- Never focus on the 10% that’s negative; focus on the 90% that’s positive: “We all need to have bad days in order to appreciate the good ones. When a client says no, see it as a new opportunity (take the negative from the word no, and turn it into a positive new opportunity) to recreate your strategy.”
- When people say no, ask them why not: “If I don’t close a deal, I ask, ‘What is the reason we did not do business today? Objections are only complaints — find a solution, and you will win all the time.”
- Don’t ask how: “Focus on the what and the who. What do I need to do to achieve my objective and who do I need to speak to? The ‘how’ will take care of itself.”
- You are 100% responsible for your business: “Don’t blame the economy, the government or your staff. If you are not successful, it’s your fault.”
Alphabet Soup Founder Nikki Lewin Discusses How They Compete With The Big Boys
Advertising doyenne Nikki Lewin reveals the importance of personal brands, living your values and finding your niche in the market.
- Player: Nikki Lewin
- Company: Alphabet Soup
- Awards (2017): MOST Awards Winner of Traditional Specialist Media Agency; MOST Awards Runner-up for Media Agency of the Year; the Adfocus Media Agency of the Year Finalist
- Media Billings: R100 million annually
- Launched: 2000
- Visit: www.alphabetsoup.co.za
Why did you choose entrepreneurship over a corporate leadership position?
The decision to start my own business was part of my DNA. In 1999 I was offered two media director positions of multinational agencies. I knew I wanted to make a difference and be in control of my own destiny, and that meant launching my own business instead of joining another big multinational.
It basically boils down to a couple of key factors — your appetite for risk, self-belief and knowing why you would walk away from the safety net of a guaranteed income and a defined job spec.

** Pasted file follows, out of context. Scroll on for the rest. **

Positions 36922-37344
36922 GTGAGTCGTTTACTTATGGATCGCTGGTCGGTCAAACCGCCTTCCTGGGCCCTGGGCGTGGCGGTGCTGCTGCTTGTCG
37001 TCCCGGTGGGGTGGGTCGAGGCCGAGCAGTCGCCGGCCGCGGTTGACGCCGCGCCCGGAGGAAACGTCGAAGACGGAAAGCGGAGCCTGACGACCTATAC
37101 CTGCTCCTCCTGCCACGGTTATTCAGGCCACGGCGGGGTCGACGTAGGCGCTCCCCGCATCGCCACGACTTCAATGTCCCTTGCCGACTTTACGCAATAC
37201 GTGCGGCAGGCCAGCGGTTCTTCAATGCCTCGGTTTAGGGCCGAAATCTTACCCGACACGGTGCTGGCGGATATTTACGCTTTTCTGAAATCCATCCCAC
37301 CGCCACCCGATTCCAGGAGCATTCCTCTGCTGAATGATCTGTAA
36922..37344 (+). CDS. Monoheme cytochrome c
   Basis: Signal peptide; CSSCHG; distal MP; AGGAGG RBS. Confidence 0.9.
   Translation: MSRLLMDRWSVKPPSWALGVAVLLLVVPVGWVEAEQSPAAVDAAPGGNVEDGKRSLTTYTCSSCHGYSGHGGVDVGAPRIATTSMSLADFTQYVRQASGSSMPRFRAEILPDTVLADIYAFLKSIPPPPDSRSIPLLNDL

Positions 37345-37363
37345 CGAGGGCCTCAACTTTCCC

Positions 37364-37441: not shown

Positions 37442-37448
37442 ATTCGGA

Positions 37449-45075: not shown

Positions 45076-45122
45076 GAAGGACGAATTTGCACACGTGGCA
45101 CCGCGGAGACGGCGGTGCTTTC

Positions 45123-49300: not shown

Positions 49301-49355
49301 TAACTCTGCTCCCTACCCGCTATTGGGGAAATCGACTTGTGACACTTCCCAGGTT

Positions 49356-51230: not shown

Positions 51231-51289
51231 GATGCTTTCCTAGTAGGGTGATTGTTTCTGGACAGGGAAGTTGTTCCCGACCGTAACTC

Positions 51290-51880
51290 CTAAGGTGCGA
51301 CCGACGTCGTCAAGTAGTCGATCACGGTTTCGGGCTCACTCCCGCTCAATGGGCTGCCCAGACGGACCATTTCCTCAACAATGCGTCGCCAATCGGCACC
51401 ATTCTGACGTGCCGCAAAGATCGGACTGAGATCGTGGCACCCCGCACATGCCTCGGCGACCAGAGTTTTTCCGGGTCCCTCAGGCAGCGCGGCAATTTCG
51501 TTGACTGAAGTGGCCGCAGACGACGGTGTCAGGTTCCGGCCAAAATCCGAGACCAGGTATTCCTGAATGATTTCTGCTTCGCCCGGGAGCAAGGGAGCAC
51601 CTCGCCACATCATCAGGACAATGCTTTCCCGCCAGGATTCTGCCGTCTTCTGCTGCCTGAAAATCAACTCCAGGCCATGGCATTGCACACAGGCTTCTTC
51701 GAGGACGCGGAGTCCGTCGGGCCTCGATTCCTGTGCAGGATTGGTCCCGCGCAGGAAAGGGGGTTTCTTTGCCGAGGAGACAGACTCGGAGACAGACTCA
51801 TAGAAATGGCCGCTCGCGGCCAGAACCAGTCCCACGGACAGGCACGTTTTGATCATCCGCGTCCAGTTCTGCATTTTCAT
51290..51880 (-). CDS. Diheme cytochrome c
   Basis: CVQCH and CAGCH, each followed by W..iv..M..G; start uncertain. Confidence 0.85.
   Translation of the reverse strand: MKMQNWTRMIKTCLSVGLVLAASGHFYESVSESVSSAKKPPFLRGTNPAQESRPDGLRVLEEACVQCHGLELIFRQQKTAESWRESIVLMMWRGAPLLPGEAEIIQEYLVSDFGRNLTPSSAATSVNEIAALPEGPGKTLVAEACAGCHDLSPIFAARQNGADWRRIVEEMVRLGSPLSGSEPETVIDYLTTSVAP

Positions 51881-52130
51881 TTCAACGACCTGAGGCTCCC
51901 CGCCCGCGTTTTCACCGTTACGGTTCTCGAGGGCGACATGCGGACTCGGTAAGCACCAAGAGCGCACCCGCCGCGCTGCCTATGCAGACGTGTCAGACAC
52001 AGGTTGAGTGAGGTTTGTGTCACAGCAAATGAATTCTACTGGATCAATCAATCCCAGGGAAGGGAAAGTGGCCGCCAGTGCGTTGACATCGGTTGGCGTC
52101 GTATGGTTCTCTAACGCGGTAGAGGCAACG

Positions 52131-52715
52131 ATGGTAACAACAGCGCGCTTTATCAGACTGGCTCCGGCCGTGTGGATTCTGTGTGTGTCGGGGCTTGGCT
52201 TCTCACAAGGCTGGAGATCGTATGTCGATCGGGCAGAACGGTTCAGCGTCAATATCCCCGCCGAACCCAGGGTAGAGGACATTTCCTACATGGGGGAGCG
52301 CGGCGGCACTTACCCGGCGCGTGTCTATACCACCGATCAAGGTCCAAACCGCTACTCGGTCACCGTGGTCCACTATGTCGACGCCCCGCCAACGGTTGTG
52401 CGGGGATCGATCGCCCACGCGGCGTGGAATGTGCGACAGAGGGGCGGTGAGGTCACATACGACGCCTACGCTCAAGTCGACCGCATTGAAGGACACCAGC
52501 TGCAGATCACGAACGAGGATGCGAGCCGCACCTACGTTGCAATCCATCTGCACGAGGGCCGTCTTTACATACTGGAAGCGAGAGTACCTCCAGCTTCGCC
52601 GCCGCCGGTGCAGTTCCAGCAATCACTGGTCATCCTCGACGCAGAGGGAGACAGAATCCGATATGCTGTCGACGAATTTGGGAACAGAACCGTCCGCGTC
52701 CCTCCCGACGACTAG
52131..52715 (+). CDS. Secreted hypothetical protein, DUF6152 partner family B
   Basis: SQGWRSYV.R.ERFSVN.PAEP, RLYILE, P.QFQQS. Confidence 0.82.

How are you competing against those same big multi-nationals?
When I launched Alphabet Soup I believed there was a market need for specific boutique offerings. I’d been in contact with numerous clients who wanted to work with uniquely South African companies and keep things local.
The more market research I did and the more I tapped into my network, the stronger I became of this conviction. It’s important to do that legwork before you start anything, and my experience in the industry gave me the insights I needed to be confident in my decision.
That same research revealed that we needed to offer our clients a complete, 360-degree solution, and so we created an agency that covers all aspects of advertising media — from strategy, planning and media owner negotiations, to market analysis, below-the-line, promotions, sponsorships and digital media. We also have clients that need media placements throughout Africa, and have since branched into that field as well.
This broad focus, our independent positioning, and the accolades we have received over the years allow us to be competitive, even though we are relatively small in comparison to many of our competitors. You don’t have to be big to be the best. You just have to punch above your weight.
We don’t aim to be the biggest agency, just an agency that delivers intelligent and professional media solutions. We do this by ensuring we are completely up-to-date with the latest strategic thinking in our industry, and we invest in staff training. It’s up to us to be able to educate, inform and guide our clients through key media knowledge.
How important are awards?
The topic of awards centres around whether they add real value to the business or not. In some cases you are nominated, in others you need to choose to enter. It takes time and effort to enter awards programmes, so there needs to be a strong business case for doing so.
We’ve found that the whole process — particularly winning — builds the agency’s reputation and is good for staff morale. For me however, it’s just one component of the journey.
Client longevity is critical and becoming an intricate part of their business is more advantageous to the agency’s success than any award. That said, awards do lend credibility to your brand if a client hasn’t worked with you before, but referrals and word-of-mouth will ultimately lead to business.
The MOST awards are about peer recognition. How important is this and why?
I have always set high standards, both personally and for my staff, and the same applies to media-owner interactions with clients. Our relationships with our media partners are based on integrity, respect and a mutually-beneficial relationship that relies on a cerebral output in order for our clients to have successful campaigns.